Monday, August 03, 2015

Legal Immigration Numbers

NumbersUSA Media Response
jeremy beck
  How many in your network know these immigration numbers?

We need a groundswell of citizens asking politicians, pundits, and media about the numerical levels of immigration. But how many know the numbers?
The story is one-stop shopping for basic immigration statistics. The statistics here are not in dispute, but because the mainstream media avoids the subject of numerical immigration limits, few people in the U.S. are aware of the current scale of legal immigration.
If some of these statistics were widely known, we could change the way people -- and especially politicians -- discuss immigration policy. For instance legal immigration has a greater numerical impact on American workers than illegal immigration
The overwhelming majority of immigration to the United States is the result of our visa policies....The lion's share of these visas are for lesser-skilled and lower-paid workers and their dependents who, because they are here on work-authorized visas, are added directly to the same labor pool occupied by current unemployed jobseekers.

Politicians who only talk about the border are dancing around the issue (and often want to further expand immigration):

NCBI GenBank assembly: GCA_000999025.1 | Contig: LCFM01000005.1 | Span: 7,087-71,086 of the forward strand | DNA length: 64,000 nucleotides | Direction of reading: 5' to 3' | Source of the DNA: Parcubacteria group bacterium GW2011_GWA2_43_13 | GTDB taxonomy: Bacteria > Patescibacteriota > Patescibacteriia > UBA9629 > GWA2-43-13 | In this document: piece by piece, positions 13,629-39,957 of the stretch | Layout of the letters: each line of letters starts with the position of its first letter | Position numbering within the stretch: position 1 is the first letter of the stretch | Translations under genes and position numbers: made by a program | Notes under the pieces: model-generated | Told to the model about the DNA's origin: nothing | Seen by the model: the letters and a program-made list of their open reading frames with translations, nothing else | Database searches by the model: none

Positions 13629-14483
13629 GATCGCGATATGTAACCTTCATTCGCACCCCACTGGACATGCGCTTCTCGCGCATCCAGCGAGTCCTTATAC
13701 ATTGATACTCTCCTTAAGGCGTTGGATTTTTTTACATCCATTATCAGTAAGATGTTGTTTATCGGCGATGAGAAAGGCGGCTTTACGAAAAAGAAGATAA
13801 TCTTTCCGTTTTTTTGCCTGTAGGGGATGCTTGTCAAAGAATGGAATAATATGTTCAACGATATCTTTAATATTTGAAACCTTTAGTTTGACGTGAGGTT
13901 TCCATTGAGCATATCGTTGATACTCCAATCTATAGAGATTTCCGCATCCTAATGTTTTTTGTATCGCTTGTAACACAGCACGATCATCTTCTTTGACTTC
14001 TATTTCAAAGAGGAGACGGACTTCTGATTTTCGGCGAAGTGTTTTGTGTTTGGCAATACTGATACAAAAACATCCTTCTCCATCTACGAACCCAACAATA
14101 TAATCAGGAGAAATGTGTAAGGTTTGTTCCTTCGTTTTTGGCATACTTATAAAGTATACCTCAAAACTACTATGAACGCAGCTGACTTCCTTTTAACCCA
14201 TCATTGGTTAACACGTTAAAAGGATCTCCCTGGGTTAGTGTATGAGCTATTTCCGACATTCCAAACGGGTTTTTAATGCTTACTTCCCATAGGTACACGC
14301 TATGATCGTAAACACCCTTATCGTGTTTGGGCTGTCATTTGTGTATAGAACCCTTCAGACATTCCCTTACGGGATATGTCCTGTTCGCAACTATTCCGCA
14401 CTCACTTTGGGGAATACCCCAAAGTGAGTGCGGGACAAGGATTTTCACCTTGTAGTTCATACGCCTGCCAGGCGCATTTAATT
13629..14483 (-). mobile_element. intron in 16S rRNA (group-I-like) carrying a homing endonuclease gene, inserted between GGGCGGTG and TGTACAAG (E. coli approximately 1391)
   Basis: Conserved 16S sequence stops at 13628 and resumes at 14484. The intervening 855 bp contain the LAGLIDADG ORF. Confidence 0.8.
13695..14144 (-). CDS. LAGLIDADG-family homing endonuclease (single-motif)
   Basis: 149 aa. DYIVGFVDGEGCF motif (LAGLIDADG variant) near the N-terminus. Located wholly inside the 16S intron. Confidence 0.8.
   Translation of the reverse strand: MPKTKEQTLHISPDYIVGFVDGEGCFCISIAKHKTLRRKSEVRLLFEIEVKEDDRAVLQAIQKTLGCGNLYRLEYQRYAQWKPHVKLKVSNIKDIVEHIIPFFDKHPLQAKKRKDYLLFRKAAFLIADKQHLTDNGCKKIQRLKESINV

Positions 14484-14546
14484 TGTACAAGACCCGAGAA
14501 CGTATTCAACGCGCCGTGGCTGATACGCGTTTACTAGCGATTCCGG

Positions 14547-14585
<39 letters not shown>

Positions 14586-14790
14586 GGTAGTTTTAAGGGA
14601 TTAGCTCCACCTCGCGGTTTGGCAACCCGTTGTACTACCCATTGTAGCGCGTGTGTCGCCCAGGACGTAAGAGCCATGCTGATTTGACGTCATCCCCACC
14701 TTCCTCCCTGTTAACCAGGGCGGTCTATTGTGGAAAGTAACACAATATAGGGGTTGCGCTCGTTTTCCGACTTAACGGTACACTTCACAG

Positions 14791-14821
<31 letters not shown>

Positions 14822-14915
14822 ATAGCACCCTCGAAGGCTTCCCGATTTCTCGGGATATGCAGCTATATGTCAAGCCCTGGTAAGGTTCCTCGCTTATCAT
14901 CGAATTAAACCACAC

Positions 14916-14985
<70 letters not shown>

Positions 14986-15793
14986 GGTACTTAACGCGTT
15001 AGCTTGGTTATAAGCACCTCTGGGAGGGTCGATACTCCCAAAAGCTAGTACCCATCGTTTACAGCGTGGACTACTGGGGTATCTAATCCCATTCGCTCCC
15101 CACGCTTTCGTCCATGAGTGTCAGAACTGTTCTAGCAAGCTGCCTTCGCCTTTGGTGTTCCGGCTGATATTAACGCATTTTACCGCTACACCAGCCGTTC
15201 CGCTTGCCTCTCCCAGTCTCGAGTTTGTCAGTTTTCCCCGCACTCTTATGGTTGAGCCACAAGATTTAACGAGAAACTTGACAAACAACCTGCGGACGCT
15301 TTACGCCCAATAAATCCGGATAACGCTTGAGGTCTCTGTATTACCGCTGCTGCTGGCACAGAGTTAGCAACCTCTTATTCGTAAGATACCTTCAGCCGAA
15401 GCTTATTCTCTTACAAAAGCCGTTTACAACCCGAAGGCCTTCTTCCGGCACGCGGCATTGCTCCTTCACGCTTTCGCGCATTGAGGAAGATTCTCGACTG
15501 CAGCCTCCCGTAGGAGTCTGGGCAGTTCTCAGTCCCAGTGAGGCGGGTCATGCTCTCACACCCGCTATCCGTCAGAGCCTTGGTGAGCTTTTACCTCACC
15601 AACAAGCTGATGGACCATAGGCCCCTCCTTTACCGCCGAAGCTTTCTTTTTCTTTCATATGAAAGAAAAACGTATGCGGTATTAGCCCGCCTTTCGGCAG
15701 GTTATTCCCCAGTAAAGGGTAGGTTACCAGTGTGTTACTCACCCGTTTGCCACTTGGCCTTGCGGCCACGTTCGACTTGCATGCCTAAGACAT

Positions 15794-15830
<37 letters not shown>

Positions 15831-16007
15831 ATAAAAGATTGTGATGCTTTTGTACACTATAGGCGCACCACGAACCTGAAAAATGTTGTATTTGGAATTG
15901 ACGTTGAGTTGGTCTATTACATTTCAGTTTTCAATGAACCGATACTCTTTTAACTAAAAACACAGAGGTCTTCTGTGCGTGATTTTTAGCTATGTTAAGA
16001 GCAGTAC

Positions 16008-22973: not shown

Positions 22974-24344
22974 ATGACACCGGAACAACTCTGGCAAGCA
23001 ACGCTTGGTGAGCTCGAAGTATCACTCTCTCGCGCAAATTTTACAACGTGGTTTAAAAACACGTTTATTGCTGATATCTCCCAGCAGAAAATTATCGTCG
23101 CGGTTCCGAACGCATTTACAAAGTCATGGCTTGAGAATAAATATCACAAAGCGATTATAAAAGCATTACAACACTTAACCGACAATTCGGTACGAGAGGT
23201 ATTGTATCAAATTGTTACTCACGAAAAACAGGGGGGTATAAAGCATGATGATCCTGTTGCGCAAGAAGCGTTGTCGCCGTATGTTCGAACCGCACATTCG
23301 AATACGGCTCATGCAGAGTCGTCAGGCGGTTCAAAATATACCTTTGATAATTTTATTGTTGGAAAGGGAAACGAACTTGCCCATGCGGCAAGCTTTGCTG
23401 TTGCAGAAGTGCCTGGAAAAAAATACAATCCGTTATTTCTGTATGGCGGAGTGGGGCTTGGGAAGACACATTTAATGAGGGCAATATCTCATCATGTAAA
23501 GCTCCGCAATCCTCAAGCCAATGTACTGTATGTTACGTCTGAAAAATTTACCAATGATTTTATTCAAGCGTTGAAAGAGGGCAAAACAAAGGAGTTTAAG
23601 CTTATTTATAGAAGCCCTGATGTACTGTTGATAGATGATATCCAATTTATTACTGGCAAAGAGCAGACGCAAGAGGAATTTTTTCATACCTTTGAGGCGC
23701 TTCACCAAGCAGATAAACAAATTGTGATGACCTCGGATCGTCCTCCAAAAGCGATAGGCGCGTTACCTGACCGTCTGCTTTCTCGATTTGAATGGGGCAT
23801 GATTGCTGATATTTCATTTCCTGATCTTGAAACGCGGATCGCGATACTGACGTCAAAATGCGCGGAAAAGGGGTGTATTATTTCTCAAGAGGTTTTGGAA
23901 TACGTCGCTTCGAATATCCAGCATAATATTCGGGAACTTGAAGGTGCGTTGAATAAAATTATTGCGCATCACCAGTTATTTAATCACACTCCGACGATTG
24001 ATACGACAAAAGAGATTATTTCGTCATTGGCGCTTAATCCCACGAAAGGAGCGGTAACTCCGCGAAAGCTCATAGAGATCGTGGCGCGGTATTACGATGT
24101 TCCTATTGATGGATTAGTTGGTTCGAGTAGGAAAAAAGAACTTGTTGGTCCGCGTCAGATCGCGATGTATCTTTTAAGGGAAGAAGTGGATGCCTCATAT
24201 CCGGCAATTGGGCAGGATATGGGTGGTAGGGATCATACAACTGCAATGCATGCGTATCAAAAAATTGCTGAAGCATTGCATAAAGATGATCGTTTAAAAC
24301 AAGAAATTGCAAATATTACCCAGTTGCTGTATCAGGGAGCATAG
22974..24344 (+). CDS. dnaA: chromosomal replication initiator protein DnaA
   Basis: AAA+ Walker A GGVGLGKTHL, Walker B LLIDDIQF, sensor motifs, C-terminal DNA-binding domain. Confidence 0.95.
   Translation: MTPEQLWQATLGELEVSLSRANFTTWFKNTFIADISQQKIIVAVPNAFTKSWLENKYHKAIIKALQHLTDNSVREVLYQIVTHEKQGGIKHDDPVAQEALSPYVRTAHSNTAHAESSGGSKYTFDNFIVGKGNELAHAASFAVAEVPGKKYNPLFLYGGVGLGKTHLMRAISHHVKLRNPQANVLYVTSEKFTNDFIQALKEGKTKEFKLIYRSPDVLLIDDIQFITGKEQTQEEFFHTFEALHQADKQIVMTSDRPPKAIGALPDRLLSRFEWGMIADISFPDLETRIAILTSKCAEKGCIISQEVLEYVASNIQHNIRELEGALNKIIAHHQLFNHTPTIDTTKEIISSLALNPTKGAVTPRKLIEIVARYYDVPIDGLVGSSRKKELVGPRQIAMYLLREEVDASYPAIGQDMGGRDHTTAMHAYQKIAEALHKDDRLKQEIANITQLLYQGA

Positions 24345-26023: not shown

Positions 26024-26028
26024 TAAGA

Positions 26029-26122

Improved border security would have no effect on the continued arrival of these foreign workers, refugees, and permanent immigrants -- because they are all invited here by the federal government.

Here's a statistic that everyone should know:
Department of Homeland Security statistics show that the U.S. issued 5.25 million green cards in the last five years, for an average of 1.05 million new legal permanent immigrants annually.

To put those numbers in historical context:
The post-World War II boom decades of the 1950s and 1960s averaged together less than 3 million green cards per decade -- or about 285,000 annually....

...These lower midcentury immigration levels were the product of a federal policy change: after the last period of large-scale immigration that had begun in roughly 1880, immigration rates were lowered to reduce admissions....

...Legislation enacted in 1965, among other factors, substantially increased low-skilled immigration.

Why should we care?
During the low-immigration period from 1948-1973, real median compensation for U.S. workers increased more than 90 percent. By contrast, real average hourly wages were lower in 2014 than they were in 1973, four decades earlier.

How is Congress working to change the numbers today?
...the immigration "reform" considered by Congress most recently -- the 2013 Senate "Gang of Eight" comprehensive immigration bill -- would have tripled the number of green cards issued over the next 10 years. Instead of issuing 10 million green cards, the Gang of Eight proposal would have issued at least 30 million green cards during the next decade (or more than 11 times the population of the City of Chicago).

The media won't ask politicians about their desire to increase the numbers. We have to. Read the full story and share these statistics wherever you can (see NumbersUSA tweets here, here, and here. Ask others where they think the numbers should be.

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